SLO County health department report refutes study about Diablo County health risks

dsneed@thetribunenews.comApril 14, 2014 

Diablo Canyon nuclear power plant

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The county Public Health Department has released a report that refutes a recent study that found that people living near Diablo Canyon nuclear power plant have higher disease rates.

Dr. Penny Borenstein, county health officer, said the report issued by the World Business Academy of Santa Barbara used “flawed methodology and selective exclusion of populations on interest” to reach its conclusion that living near Diablo Canyon increases the likelihood of low birth weight babies, childhood leukemia and adult cancers.

The World Business Academy is a Santa Barbara-based nonprofit think tank whose mission is “to inspire business to assume responsibility for the whole of society.”

“As health officer for San Luis Obispo County, I take the health of our residents very seriously, and when a claim was made that excess cancer and infant mortality was occurring in our county, I made an immediate priority to investigate further,” Borenstein said.

Diablo Canyon owner PG&E said the author of the World Business Academy report, New Jersey-based epidemiologist Joseph Mangano, has a history of doing flawed work.

“Given Mr. Mangano’s history of discredited reports due to poor science, and that this newer report draws on the previously discredited work, PG&E is not giving this report any consideration,” said Blair Jones, PG&E spokesman.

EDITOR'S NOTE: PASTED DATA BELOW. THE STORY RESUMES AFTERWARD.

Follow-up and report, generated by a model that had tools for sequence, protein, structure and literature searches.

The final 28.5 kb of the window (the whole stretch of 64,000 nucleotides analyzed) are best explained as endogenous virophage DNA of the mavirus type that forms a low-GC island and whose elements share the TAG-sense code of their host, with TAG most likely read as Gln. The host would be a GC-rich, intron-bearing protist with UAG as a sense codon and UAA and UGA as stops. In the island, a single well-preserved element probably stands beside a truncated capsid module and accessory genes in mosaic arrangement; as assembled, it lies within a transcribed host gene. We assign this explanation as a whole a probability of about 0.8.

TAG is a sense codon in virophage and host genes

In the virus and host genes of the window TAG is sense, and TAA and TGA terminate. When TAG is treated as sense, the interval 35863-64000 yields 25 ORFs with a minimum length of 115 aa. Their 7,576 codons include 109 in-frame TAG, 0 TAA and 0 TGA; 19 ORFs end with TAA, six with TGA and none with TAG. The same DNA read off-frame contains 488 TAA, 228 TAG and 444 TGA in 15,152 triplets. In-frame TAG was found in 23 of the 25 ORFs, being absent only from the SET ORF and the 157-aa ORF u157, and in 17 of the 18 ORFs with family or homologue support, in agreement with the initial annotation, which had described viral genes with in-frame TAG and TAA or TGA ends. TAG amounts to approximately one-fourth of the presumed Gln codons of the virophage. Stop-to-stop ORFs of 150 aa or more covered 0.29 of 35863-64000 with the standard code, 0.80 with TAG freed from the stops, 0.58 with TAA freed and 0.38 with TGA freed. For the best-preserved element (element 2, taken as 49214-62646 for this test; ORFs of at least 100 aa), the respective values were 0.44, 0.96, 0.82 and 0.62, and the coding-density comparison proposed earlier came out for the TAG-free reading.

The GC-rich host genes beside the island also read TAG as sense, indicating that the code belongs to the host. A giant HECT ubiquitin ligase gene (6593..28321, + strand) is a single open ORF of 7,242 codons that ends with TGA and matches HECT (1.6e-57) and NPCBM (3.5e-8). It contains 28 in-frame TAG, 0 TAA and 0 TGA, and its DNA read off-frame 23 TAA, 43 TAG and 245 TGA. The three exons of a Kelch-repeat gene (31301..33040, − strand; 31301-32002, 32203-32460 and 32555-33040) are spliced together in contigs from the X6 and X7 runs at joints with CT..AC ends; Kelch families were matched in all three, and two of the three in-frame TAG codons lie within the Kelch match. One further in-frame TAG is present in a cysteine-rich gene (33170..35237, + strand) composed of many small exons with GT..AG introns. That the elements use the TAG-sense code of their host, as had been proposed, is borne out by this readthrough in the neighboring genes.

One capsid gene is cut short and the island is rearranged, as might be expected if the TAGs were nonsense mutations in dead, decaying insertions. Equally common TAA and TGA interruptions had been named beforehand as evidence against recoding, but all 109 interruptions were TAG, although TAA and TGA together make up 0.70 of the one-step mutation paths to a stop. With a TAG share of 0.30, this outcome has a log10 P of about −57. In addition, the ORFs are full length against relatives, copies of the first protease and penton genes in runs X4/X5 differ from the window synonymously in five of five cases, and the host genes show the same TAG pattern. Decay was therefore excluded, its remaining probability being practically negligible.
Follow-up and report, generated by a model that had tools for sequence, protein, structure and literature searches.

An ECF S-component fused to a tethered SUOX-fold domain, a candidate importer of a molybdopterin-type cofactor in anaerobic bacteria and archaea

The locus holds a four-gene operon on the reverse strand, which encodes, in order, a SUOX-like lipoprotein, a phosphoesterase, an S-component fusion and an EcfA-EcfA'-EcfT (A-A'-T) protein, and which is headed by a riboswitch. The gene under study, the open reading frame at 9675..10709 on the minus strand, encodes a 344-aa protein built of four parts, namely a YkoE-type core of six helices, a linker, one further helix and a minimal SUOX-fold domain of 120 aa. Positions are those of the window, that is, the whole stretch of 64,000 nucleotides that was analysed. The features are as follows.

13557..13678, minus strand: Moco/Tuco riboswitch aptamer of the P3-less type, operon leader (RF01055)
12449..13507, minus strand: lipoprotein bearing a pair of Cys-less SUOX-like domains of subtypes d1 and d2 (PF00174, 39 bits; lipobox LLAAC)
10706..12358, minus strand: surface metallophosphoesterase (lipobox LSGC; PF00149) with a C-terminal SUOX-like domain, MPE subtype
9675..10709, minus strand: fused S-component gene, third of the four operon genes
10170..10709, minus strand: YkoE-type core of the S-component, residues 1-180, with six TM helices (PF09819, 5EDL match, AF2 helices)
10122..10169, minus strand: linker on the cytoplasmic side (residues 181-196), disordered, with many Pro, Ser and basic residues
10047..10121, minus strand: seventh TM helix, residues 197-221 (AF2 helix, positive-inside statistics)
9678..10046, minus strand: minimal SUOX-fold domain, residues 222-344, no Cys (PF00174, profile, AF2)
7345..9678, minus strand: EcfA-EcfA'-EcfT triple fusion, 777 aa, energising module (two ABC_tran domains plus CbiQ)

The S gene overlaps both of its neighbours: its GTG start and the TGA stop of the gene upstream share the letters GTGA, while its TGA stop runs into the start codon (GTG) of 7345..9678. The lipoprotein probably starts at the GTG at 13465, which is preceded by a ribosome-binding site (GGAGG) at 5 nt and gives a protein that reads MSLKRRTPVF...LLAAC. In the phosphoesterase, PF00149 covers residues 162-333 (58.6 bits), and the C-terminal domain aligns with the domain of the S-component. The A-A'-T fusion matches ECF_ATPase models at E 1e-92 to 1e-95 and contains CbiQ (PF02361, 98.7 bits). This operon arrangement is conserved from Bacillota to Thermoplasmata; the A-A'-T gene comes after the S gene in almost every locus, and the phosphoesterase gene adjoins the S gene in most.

Specifically, the county’s 14-page report said ZIP codes were included and excluded selectively to reach the alleged effects on birth weights claimed in the World Business Academy report.

For example, the World Business Academy report excluded the Santa Maria ZIP code 93454. If that ZIP code is included in the analysis, the low birth-weight ratio shows a slight decrease.

The county also concluded that the use of crude rates in analyzing cancer cases in the county distorted the true change in rates over time. Crude rates are total numbers that do not take into consideration factors such as age and ethnicity or disease rates within subgroups of a population.

The State Cancer Registry examined the report and found that the use of crude rates in analyzing cancer cases in the county distorted the true change in rates over time.

Age-adjusted cancer rates in the area have remained unchanged or declined, Borenstein said.

The full county Public Health Department report can be found at www.slopublichealth.org.

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